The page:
FSU notes: Split priorities for Bracy

TALLAHASSEE, Fla. -- Jimbo Fisher has been quick to assure that potential starting quarterback/left fielder Jameis Winston won't have any trouble balancing life as a two-sport star this spring. Baseball will take a clear backseat.

For wide receiver Marvin Bracy, however, the dynamic isn't quite so cut and dry.

Bracy will only be a sporadic participant at Florida State's spring practices as he concentrates on track events throughout this spring. Bracy is considered one of the top sprinters in the country -- and perhaps the fastest football player in the nation.

The speed might make Bracy a standout on the track, but Fisher said it's going to take more than that to get him on the field for the Seminoles in the fall.

"You have to have some time to be out there or you're going to be relegated to certain things," Fisher said. "You can run a post, a deep ball, return kicks -- but when you're actually learning to run routes and how they adjust to coverages, that does affect you."

Bracy hasn't been completely absent. He has participated in football meetings and continued to meet with coaches and watch film. He'll be at numerous practices this spring, too. But the part-time work isn't likely to help him climb the depth chart at a crowded position, and Fisher said there's a risk in putting a player on the field this fall when the opposition knows he's only prepared to run a small fraction of the plays.

Of course, that doesn't mean Bracy can't make up ground. Fisher said he has dealt with a slew of track-star football players in his career, including NFL receivers Devery Henderson and Trindon Holliday at LSU, and he believes Bracy can follow a similar path.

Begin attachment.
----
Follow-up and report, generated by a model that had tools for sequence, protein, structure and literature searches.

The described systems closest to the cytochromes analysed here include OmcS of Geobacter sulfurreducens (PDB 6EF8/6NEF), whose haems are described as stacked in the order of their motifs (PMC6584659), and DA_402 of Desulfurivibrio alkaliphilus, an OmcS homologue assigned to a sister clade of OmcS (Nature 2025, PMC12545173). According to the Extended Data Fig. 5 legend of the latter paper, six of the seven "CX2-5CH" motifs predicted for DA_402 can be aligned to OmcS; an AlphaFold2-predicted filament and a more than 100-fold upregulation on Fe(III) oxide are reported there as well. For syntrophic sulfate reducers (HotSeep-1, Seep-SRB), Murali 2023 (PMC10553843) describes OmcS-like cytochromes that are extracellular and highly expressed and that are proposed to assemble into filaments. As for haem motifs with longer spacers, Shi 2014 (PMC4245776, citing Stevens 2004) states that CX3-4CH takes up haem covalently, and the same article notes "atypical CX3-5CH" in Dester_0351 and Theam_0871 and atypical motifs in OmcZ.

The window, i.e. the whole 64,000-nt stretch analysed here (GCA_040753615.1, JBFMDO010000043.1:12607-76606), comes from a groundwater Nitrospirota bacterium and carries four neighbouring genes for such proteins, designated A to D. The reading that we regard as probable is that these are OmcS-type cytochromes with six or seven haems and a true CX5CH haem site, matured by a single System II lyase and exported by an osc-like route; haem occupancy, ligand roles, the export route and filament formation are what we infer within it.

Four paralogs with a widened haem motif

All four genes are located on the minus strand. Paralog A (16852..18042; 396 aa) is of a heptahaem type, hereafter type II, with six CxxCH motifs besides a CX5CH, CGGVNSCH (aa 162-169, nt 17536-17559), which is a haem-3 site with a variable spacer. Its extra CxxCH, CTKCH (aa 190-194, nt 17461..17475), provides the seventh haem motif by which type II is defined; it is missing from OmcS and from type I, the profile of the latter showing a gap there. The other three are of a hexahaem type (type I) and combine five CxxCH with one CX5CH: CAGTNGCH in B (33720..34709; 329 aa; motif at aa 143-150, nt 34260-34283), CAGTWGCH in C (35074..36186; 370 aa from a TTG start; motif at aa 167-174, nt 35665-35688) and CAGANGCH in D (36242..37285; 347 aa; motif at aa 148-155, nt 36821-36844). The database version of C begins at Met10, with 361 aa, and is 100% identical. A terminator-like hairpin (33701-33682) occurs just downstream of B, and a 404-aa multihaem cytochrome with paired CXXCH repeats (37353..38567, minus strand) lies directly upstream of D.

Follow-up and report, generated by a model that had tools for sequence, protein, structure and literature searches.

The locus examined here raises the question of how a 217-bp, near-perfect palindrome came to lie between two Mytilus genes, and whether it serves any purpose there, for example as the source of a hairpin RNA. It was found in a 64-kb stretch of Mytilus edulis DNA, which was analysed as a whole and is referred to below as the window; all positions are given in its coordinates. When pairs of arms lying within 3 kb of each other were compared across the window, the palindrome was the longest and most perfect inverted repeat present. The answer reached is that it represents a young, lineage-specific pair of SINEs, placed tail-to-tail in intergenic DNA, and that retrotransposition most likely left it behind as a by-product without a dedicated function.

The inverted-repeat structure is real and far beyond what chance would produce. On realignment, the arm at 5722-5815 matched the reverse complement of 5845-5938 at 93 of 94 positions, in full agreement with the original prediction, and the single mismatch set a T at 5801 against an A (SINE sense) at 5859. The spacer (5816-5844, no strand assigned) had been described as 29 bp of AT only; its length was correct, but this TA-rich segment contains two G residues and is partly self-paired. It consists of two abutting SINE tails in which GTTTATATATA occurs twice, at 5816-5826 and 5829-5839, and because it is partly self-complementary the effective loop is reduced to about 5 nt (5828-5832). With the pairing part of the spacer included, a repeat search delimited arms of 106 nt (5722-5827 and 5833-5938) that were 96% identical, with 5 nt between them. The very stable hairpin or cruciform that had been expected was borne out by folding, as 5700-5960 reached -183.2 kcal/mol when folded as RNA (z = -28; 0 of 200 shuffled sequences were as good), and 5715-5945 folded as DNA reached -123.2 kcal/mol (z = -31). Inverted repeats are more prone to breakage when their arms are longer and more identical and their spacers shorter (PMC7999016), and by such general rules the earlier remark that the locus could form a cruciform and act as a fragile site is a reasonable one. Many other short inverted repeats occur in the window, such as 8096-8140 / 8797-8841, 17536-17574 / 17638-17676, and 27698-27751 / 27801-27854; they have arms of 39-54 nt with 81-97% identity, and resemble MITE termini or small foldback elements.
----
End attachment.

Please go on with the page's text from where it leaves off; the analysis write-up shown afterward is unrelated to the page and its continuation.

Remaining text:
"He's going to have to have a great summer, but he'll have a role," Fisher said. "We'll find some things for him to do, I promise."

Full house at QB: If the four-man competition at quarterback is keeping fans busy on the message boards and water-cooler chats, it's doing the same for the coaches and players on Florida State's offense helping to make a final decision on who wins the job.

"We're trying to get all of them as many reps as we can," new FSU quarterbacks coach Randy Sanders said. "Because we have four guys, a lot of those receivers are tired when the days over."

It's not just the receivers being tested, however. Fisher said Sanders has been a blessing during the early days of practice for FSU. Trying to keep tabs on four quarterbacks isn't a one-man job, and having an extra set of eyes during the evaluation process has been crucial.

The job figures to get a bit easier eventually, however. Sanders said that, while there's no timetable for naming a starter, the first step will be whittling down one or two of the contenders.

"They'll sort themselves out, and it's not that one guy emerges as the guy," Sanders said. "A lot of times, you determine a starter by elimination."

Hand-on approach: While Fisher's heavy hand on the offensive playbook might have played a role in pushing former offensive coordinator James Coley to Miami, where he could call his own plays, Sanders said he's happy with a limited role at FSU.

"It's Coach Fisher's offense, but he's told me a number of times he wants input," Sanders said. "It's my job to provide input and not get my feelings hurt if we don't do it."